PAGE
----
Kathmandu, Nepal’s enormous and sprawling capital, sucks you into the vortex of its fast pace and chaotic atmosphere immediately upon entry. Swerving between revving cars and beeping motorbikes as you squeeze through the narrow streets, you will be greeted by eager street hawkers and the humming throng of people on every street, lane and corner, while your senses go into overdrive and the dust gathers pace around you… locking you into the frenetic world that is Nepal’s magnificent capital city and its gateway of tourism.

It’s likely that you will use Kathmandu as a base from which to start a trek to Everest Base camp, travel to the adventure sport playground of Pokora where the famous Annapurna trek also awaits you, or be at one with nature in Chitwan National Park. Afterall, it’s easy to become quickly frustrated by Kathmandu and seek immediate comfort in the nearby mountain ranges, stunning scenery and trekking expeditions.

But don’t be too quick to give up on Kathmandu – you have to learn to become a part of its magical mayhem – because with a bit of patience you will learn to lose yourself within it. Spend a few days there uncovering its charms rather than rapidly passing through. There’s more to it than meets the intimidated eye, and a whole adventure awaits you beyond the backpacking area of Thamel, which many rarely look beyond.

Look Up, Look Down, Look All Around

Exploring Kathmandu is like stepping back in time. Here you will find a haven of old, decaying yet decadent architecture; wonky but still stable structures; the intricate details of carved wooden doorways and window frames; shop fronts so low that you can easily miss the treasures inside; narrow streets filled with shops dedicated to specialist businesses from fabrics to dentistry and quiet courtyards where community spirit thrives.

You will soon master the main roads that lead to the bustling local markets and main open squares such as the well-known Asan Tole, India Chowk and the ancient Durbar Square – all of which you can use as main navigation points to find your way forward and, in good time, back. But the fun is in getting lost and, somehow, you will find yourself back at a key point on the map from which to start exploring again. It really is a labyrinth teeming with life, sounds, smells and colour.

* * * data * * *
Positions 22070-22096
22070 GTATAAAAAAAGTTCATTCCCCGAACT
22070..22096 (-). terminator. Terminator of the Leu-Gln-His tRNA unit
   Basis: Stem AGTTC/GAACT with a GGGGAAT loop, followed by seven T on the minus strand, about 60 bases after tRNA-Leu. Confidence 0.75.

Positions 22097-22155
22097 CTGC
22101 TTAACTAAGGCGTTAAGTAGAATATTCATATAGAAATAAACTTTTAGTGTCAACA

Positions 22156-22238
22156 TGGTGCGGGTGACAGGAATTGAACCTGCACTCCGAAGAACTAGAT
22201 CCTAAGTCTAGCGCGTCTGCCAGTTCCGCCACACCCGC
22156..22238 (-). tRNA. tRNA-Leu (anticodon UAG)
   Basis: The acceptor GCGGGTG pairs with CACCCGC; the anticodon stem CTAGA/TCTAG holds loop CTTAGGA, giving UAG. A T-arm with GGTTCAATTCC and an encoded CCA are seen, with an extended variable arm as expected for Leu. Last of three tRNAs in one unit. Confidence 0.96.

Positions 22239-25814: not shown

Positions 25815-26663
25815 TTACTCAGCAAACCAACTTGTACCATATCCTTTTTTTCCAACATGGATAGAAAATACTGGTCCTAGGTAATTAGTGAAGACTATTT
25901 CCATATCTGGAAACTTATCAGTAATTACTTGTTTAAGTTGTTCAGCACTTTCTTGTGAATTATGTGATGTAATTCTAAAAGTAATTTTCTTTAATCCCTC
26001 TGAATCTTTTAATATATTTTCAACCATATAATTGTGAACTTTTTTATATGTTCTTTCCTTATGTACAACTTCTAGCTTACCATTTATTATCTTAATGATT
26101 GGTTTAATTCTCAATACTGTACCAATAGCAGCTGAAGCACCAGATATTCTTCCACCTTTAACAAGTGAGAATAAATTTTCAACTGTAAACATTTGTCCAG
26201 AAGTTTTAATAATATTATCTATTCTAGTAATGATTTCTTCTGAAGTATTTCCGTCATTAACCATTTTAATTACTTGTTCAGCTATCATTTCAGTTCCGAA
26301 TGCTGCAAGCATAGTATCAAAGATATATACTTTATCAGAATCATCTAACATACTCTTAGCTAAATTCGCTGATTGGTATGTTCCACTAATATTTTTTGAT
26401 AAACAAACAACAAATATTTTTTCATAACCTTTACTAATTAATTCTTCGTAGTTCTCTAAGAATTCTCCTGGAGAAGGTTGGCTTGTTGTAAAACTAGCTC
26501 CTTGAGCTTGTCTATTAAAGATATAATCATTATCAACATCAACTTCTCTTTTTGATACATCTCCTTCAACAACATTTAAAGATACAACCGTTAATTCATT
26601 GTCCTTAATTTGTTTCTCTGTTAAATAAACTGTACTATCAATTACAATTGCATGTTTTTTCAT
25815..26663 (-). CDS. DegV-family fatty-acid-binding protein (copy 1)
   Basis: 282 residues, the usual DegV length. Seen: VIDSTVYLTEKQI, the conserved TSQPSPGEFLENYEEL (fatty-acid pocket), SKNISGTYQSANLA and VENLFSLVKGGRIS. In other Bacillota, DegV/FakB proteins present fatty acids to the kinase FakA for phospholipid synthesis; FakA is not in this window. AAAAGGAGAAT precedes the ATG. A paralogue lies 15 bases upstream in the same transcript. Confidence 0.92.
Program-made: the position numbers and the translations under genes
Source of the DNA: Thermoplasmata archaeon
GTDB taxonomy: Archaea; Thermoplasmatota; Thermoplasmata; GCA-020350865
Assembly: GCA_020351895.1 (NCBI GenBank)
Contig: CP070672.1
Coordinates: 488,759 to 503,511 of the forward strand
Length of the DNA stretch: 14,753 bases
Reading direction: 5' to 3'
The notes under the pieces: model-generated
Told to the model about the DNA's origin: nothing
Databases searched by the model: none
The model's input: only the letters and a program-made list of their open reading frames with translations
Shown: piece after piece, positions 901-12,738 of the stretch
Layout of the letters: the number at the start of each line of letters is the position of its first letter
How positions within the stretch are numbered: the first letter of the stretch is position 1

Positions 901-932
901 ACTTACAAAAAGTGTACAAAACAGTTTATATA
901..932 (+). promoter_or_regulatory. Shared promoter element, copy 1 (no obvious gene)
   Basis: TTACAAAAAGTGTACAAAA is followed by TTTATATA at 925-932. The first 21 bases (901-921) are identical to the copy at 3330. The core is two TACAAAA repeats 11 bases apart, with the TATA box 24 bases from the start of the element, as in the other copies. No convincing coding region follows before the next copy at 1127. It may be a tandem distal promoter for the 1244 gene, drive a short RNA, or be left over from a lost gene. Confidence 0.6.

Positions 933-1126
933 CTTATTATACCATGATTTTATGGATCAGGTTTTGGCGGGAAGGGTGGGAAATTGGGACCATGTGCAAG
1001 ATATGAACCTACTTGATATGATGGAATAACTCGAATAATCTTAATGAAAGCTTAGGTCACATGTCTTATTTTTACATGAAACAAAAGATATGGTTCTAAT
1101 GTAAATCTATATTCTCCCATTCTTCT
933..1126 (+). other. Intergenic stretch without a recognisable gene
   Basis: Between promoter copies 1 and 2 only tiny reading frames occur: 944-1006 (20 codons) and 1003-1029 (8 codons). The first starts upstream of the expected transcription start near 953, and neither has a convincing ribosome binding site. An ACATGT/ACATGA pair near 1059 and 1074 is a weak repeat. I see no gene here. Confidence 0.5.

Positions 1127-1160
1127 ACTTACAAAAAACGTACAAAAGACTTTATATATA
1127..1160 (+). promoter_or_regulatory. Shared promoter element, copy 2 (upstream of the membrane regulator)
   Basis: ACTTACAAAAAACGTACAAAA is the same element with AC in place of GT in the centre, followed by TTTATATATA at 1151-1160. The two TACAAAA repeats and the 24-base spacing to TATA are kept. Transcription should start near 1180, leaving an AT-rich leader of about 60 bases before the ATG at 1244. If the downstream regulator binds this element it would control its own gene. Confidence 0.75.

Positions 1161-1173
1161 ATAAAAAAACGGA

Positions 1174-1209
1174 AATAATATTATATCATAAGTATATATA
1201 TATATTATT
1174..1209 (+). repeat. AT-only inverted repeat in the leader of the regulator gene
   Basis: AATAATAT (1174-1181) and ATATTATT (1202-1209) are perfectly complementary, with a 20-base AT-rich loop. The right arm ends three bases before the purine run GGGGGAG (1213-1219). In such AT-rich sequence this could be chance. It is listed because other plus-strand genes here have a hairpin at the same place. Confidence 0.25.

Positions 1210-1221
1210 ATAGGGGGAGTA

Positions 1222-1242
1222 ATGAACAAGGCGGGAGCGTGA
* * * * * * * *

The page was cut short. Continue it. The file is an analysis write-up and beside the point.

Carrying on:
Kathmandu is also known to be a treasure trove of artistic and religious deity sculptures made from wood, stone and other materials scattered around the city, many of which are easily missed if you don’t keep your eyes peeled. Some are high up on buildings or perched next to a random shop front door, others can be found at foot level, within a curb, narrow alleyway or tucked away in a remote place and the majority can be found near or within temples, stupas, shine and other respected buildings.

Finding Calm Within The Chaos

The slight calm of a side street, photo by Becki

The slight calm of a side street, photo by Becki

If you are one who craves complete serenity, you won’t find it here. However, beneath the layer of frenetic activity lies a simplicity of life in the in tea houses and snack shops where the shouts of street sellers and busy streets are swapped for the kind nature of the local people wanting to get to know you. Subdued backstreets and residential areas on the outskirts will throw you into the heart of local life as you wander with no direction, where the calmness of the temples and open courtyards await you before you prepare yourself for jumping back into chaos of the main lanes and markets places. Every twist and turn is a surprise and each and every day you venture out into the city you will be guaranteed to find something new.

Main Sights & Sister Cities

A less crowded street market, photo by Becki

A less crowded street market, photo by Becki

While I am a passionate advocator of the sporadic and unplanned wander, there are key sights to see within the city and around the outskirts. Visit Pashupatinath temple, oldest Hindu temple in Kathmandu, or the dominant Boudhanath, said to be one of the holiest sites in the country. Swayambhu, also known as monkey temple for its holy inhabitants, is set atop a hill and provides the perfect panoramic view for sunset.

If you can’t get enough of

Kathmandu, visit the nearby sister cities of Patan and Bhaktipur, which are smaller and less chaotic than Kathmandu, but just as beautiful and interesting. All three have been branded under the one heading of ‘Kathmandu Valley – UNESCO World Heritage Site’ and can be accessed easily by local transport from Kathmandu, which is itself is a unique experience.

Kathmandu is as fascinating as it is frantic; as charming as it is chaotic. A melting pot of culture, history and religion, its exotic atmosphere is unique and not easily forgotten. Lose yourself within the streets of this incredible bustling city and, if you can, give it more than a two-day pass.

About the author: Becki Enright is the founder of www.BackpackerBecki.com – a solo female travel blog driving travellers to new destinations and to visit the well-known, but with a focus on alternative sights and off the beaten track adventures. She set off in July for a indefinite period of travel and aims to encourage others to travel differently and with purpose.


(Posted on : http://www.gadventures.com/)

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